Sunday, May 4, 2008

Mekong Delta – Day 1 (May 3)

After two months of staying put in HCMC, The Boyfriend and I booked a tour through the Mekong Delta with Sinh Café for the weekend. The two day/one night tour cost us 400,000 dong each (about $25 USD), which is actually an inflated price due to the holidays on the previous Wednesday and Thursday (April 30 was Liberation Day/Reunification Day and May 1 was International Labour Day). This included transportation, accommodations, a complimentary t-shirt, water bottle, pack of peanuts, lunch on the first day and breakfast on the second day. How can you complain? (ok, so I can always complain…)

Mekong Delta is the southernmost region of Vietnam. It is known for its rice production and its fertile soils that produce delicious, tropical fruit.

We left at 8 am from the Sinh Café office. It was crazy mayhem with people everywhere, but we were able to jump on the right bus. It took 2.5 hours to get to Cai Be. We got on a boat to go to the Cai Be floating market. By the time we arrived, it was too late for any market activity. No worries, we’d get to wake up early the next day to check out another market.

View from our boat. The pictures came out rather glum due the combination of grey skies and murky water. Our tour guide assured us that the brown colour is due to silt. Sure… I would still NOT be willing to jump in, thank you very much.

A woman selling pineapple from her boat.

Pumpkin boat. You can tell what vendors sell by what is hung on their poles.

We next visited, by boat, various factories producing candies, rice paper and Vietnamese rice krispies. The pictures speak for themselves:

Banh trang (rice paper) laid to dry.

Mixture to make coconut candies.

Keo dua (coconut candies). The candies tasted like coconut-flavoured salt water taffy: lots of chewing and stickiness! There must have been collusion in this area; wherever we went, everything cost 15,000 dong (various candies, crips, crackers). Even though this seemed like a lot for Vietnam, I bought 6 packs of candies (buy 5, get one free!)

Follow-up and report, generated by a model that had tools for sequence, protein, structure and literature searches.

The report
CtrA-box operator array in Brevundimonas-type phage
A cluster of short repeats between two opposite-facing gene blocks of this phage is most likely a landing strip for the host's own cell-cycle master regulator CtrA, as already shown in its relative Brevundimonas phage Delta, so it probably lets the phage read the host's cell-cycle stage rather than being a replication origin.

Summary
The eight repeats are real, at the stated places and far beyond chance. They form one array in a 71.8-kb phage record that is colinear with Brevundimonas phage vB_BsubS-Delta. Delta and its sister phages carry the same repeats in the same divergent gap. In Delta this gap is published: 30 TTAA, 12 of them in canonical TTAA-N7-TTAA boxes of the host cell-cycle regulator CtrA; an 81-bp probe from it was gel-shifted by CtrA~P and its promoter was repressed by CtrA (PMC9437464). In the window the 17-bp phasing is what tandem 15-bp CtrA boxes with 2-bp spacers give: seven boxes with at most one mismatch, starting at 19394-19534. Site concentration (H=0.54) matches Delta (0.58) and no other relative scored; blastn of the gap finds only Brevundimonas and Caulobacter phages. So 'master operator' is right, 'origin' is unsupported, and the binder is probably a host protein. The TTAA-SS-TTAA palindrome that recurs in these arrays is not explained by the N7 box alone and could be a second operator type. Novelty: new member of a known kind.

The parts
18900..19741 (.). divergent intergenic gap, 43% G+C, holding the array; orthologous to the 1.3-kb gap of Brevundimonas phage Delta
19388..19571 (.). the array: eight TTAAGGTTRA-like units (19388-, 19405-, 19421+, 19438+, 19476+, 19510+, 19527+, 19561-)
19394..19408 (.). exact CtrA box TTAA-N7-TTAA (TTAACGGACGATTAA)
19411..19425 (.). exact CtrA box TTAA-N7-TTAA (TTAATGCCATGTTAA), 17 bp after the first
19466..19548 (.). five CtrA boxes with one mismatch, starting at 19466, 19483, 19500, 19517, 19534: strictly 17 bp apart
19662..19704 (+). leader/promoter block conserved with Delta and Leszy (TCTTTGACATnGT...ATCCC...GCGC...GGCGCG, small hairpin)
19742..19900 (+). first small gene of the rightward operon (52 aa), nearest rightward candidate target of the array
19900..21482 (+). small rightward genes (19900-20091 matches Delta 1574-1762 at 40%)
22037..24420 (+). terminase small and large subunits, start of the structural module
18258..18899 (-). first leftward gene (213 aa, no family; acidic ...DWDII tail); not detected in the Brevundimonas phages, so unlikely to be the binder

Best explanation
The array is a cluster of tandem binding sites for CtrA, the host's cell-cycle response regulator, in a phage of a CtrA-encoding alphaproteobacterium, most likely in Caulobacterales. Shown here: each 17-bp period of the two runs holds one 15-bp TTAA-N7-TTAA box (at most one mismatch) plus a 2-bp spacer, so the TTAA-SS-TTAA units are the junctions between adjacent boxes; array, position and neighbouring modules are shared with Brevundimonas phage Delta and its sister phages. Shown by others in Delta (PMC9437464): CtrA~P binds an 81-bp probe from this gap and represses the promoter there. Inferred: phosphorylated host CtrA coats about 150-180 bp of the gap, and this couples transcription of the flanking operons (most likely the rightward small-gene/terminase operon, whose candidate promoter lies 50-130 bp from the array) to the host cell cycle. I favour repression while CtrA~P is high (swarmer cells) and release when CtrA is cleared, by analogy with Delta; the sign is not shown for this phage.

Coconut and banana crisps. These banh were also produced and sold. The coconut ones were very crispy while the banana ones were a bit chewy. The sesame flavour came through in both. Add two packs of these to the candies!

Vietnamese rice krispies. Rice is “popped” using a traditional heating method. The rice is placed with sand in a big wok. The sand is used as a heat source and the rice is sifted once it’s popped. The rice krispies are then made by combining the rice with a syrup.

After lunch, we had half an hour to check out the market in Vinh Long. Finally, we crossed the Mekong River by ferry to Can Tho.

Ferry crossing. This is actually a picture on our way back, but the ferry was just as jam packed on our way there!

Can Tho Show. After dinner, we heard singing on Hai Ba Trung St. and decided to check out the show. Families on motorbikes were gathered in front of the stage, watching the various acts. This picture is not very clear; I was trying to capture the motorbikes zooming by, right in front of the stage!

Finally, here’s my whining! We stayed in Can Tho for the night. For the price we paid, we didn’t expect much from our hotel and our expectations were met! That the room was small, far from the centre of town, the bed was uncomfortable and there was no hot water was expected. That ants were crawling everywhere (on our bags, and even on The Boyfriend!!), not so good. We did have AC, but the machine made rhythmic sounds that is really hard to ignore when you cannot fall asleep. Oh well, what can you expect for 25 do-la?

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